Pat’s Picks: November 4
Written by Pat's Papers | UPDATED: Sunday, 8 November 2009 7:30 PM
It?s ?car insurance by the tankful? says the Sacramento Bee. Motivated by a desire to cut the amount of time Californians spend driving, new proposal would let drivers purchase insurance plans based on the number of miles they drive. At the end of the year, either a rebate or a bill would be issued to each policy holder. Researchers predict that nationwide, driving would decrease eight percent and oil consumption would fall four percent if all drivers signed up for a pay-as-you-drive plan.
If you?re looking to slim down here?s something to avoid: marriage. According to researchers, new couples risk gaining weight when they decide to settle down, especially in the first two years. The Houston Chronicle puts a nice spin on the story, writing that ?maybe they’re called love handles for a reason.?
There’s a story in today?s Wall Street Journal about a fascinating tax case. For billionaire Julian Robertson there was a lot on the line - $27 million dollars. And it came down to a question of four days. Robertson had to prove he wasn?t in New York City for a majority of days in 2000. If he slept in New York on those four days, the state would deem him a city resident and he’d pay higher taxes. The investigation looked at everything from phone calls to car service receipts to piece the story together.
Taking a cue from the NFL, refs are cracking down on touchdown celebrations at high school football games says the Washington Post. A recent memo from the national organization that governs the sport reminded players that overenthusiastic displays near the goal posts qualify as ?inappropriate behavior? and can result in suspension. But coaches and parents complain that the vaguely worded rule is taking all the joy out of the game.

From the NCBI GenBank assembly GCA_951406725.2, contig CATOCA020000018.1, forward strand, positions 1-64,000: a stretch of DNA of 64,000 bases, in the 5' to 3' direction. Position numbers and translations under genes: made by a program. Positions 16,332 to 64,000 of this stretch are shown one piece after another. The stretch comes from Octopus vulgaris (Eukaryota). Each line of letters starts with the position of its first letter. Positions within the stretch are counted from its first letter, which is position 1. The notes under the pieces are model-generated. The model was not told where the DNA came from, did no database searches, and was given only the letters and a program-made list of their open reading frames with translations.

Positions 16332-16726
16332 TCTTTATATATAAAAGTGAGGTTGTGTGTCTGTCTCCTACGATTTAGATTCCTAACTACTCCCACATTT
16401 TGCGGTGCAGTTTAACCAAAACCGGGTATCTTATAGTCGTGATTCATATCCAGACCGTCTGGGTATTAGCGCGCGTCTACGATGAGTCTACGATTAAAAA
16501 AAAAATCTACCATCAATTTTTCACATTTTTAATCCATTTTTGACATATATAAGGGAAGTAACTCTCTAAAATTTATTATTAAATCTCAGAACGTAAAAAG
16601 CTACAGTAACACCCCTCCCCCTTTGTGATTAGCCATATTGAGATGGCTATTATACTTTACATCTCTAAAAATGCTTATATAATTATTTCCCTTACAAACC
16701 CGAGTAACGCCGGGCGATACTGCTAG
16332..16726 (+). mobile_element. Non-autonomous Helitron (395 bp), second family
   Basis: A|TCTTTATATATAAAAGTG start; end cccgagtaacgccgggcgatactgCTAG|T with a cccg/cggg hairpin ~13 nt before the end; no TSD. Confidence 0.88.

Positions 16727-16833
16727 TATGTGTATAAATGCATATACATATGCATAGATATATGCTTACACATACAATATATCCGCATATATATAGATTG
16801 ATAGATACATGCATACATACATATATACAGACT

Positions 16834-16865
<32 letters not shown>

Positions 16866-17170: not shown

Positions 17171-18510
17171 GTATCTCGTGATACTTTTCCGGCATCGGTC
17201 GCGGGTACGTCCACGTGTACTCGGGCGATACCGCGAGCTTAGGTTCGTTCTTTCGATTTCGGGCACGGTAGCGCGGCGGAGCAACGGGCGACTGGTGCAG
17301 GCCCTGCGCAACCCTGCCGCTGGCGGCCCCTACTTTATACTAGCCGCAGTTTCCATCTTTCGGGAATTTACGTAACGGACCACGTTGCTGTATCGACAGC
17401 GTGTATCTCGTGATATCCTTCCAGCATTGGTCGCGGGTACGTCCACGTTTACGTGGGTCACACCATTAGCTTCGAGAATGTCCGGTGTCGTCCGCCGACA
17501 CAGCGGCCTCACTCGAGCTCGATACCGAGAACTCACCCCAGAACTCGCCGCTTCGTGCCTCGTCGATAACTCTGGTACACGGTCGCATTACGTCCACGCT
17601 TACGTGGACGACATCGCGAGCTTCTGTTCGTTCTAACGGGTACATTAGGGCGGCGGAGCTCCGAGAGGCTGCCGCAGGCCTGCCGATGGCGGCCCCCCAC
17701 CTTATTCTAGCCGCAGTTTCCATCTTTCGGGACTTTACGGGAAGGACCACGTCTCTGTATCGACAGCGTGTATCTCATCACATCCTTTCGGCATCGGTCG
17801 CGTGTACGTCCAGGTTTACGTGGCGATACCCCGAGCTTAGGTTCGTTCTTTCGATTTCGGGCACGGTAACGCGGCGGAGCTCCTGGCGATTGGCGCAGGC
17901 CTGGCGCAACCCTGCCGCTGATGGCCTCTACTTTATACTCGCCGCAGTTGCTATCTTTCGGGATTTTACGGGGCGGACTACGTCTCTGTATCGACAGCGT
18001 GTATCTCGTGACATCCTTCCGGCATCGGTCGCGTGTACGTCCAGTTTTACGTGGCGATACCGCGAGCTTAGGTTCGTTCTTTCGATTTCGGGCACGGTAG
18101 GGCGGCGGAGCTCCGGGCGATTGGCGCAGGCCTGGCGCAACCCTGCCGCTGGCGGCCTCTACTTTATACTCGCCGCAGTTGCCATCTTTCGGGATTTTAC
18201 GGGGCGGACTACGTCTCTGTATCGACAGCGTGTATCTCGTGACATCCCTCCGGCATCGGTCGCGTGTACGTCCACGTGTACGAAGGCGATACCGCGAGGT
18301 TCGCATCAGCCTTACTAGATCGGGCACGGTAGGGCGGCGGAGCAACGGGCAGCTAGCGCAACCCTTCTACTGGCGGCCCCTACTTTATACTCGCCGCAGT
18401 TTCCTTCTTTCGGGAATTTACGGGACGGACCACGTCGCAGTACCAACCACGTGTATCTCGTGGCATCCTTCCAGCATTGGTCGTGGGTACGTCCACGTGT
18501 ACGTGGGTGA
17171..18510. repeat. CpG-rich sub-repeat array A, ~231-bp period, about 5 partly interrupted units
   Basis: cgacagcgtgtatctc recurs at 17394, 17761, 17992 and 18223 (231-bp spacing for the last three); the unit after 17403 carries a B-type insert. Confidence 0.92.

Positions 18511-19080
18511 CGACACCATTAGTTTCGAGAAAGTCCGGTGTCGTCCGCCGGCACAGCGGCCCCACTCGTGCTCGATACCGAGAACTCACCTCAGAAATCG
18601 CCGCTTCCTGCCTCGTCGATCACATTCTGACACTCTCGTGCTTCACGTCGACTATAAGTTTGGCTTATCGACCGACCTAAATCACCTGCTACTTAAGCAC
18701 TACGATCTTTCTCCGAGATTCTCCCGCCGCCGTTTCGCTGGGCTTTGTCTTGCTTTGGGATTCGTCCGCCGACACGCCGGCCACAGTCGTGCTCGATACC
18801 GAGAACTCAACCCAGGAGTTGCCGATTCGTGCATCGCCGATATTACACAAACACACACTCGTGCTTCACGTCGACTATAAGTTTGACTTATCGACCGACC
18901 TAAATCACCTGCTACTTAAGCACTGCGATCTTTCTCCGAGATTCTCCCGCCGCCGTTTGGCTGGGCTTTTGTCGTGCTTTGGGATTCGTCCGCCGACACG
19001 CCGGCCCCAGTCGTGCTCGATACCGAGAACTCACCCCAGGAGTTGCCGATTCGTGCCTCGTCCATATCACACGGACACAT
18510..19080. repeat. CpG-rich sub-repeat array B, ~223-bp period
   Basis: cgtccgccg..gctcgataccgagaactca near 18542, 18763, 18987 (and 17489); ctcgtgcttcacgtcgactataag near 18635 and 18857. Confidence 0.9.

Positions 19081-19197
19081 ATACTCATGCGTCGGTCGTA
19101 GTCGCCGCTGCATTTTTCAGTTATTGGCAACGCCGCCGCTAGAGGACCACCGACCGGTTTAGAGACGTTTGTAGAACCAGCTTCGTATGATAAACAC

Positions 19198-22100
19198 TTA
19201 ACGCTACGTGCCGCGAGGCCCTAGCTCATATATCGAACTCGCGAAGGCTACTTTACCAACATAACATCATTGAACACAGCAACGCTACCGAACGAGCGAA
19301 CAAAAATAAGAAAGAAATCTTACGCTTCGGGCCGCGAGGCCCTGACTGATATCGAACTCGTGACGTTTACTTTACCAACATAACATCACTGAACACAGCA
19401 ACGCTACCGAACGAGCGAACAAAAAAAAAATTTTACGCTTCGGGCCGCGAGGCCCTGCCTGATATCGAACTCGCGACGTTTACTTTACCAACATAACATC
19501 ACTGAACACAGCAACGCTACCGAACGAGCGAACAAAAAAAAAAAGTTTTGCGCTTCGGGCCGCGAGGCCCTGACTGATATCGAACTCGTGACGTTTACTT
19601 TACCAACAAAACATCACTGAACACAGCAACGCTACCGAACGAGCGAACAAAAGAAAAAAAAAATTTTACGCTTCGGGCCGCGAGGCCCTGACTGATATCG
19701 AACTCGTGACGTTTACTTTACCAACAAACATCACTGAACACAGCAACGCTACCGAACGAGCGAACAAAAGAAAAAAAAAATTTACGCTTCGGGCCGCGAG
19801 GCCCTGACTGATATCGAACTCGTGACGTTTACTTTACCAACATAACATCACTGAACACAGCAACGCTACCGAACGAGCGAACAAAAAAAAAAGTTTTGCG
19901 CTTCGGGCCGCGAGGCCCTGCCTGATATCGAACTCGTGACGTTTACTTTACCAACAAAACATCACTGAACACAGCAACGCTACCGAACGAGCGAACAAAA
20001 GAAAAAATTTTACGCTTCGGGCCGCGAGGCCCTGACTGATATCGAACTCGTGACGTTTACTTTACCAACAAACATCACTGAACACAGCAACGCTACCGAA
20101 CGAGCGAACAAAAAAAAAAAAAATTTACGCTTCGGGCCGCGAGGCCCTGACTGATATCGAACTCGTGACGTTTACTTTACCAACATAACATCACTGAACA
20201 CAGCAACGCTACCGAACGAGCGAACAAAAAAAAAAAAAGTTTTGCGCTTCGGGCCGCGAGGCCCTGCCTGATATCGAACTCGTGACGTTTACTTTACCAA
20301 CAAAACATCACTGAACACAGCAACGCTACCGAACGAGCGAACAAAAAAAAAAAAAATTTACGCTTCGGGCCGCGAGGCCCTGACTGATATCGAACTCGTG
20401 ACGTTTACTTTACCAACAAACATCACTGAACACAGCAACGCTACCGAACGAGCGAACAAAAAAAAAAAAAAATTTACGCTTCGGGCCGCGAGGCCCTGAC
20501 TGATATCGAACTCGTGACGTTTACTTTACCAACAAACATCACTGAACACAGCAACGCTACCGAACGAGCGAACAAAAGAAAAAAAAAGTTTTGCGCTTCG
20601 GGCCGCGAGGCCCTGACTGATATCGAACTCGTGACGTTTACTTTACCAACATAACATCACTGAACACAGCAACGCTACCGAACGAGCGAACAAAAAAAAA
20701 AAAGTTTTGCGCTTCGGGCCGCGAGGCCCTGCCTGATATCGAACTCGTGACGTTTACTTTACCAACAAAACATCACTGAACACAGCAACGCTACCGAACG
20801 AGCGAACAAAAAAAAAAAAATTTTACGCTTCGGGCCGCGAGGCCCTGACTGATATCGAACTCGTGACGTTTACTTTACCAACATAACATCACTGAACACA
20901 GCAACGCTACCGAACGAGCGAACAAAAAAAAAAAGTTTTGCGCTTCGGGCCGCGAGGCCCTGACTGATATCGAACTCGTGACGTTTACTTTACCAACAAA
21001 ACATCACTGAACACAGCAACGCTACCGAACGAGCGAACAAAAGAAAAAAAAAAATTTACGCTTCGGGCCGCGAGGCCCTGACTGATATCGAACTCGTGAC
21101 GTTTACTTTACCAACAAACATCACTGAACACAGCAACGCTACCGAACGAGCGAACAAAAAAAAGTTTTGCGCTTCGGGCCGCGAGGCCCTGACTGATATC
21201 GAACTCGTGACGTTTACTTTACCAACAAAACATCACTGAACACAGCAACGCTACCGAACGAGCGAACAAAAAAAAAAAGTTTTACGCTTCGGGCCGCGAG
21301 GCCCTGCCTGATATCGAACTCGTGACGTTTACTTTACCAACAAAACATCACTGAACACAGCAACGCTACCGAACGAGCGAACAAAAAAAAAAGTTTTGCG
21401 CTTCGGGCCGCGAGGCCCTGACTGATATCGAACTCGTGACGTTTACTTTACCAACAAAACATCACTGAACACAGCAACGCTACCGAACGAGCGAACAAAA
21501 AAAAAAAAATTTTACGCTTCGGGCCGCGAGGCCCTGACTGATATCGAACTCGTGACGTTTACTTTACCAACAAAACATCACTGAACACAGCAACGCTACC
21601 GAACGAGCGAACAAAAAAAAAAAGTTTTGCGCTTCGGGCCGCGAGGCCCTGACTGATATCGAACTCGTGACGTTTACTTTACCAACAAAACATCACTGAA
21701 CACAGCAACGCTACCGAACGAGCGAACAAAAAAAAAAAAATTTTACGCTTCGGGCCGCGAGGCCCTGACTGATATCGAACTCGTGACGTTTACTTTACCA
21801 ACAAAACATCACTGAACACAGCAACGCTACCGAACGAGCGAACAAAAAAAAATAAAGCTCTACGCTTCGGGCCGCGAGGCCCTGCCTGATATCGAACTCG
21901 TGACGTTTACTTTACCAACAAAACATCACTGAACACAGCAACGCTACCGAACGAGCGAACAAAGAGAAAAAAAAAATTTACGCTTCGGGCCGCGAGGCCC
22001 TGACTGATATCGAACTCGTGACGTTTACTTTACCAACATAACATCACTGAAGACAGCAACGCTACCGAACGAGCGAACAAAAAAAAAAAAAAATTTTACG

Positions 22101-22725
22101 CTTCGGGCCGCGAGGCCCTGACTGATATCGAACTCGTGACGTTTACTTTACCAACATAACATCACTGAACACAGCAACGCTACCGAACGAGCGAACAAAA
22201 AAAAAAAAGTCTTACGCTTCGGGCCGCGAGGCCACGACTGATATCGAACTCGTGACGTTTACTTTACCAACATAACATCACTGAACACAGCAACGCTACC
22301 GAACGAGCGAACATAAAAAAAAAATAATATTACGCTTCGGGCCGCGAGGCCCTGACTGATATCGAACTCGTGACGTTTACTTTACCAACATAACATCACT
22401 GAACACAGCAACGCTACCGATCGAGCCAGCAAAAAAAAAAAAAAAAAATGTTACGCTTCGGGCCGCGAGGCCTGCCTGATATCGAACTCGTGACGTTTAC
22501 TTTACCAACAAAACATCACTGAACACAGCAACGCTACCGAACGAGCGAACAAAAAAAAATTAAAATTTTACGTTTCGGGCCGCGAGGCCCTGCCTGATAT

I?ve often seen parents running to make the train and cringed a little when they hold the door with their strollers. That strategy took a dangerous turn in Chicago when a child fell onto the tracks as her mother raced to make a departing train. The doors closed on the pair, pushing the mother back onto the platform and her 22-month-old daughter into the gravel track bed. The Sun-Times says thanks to quick-acting passersby, the baby and the mother are both fine.
Warren Buffett is placing a big bet on the US economy. The Wall Street Journal reports that Buffett?s Berkshire Hathaway will buy Burlington Northern, the country?s largest railroad operator, for $26 billion. The Journal says he thinks the railway will be very profitable as the US economy recovers.
It looks like the real thing but law enforcement officials say it?s an imposter. A ?legal pot? made of herbs and chemicals that mimic the effects of marijuana is becoming so popular that some want to make it illegal says the Kansas City Star. Called K2, the substance first gained popularity with parolees trying to avoid failing a drug test. The paper says K2 is readily available on the Internet and in specialty shops.
The assistant White House chef is serving up more than just meals these days. The New York Times says 29-year-old Sam Kass has a hand in the pot when it comes to food and nutrition-related legislation. Insiders say that Kass, who has no formal training in cooking or in politics, has become a confident to both Obamas and is a “vital conduit to the first family.”
The New York Times has news on its rival this morning, reporting that the Wall Street Journal is hiring staff for a local New York City edition. The Times says this is the latest development in the Journal?s plans to ?expand beyond its historic focus on business news.? An exact date on the launch of the New York edition hasn?t been released but insiders speculate it will be early next year.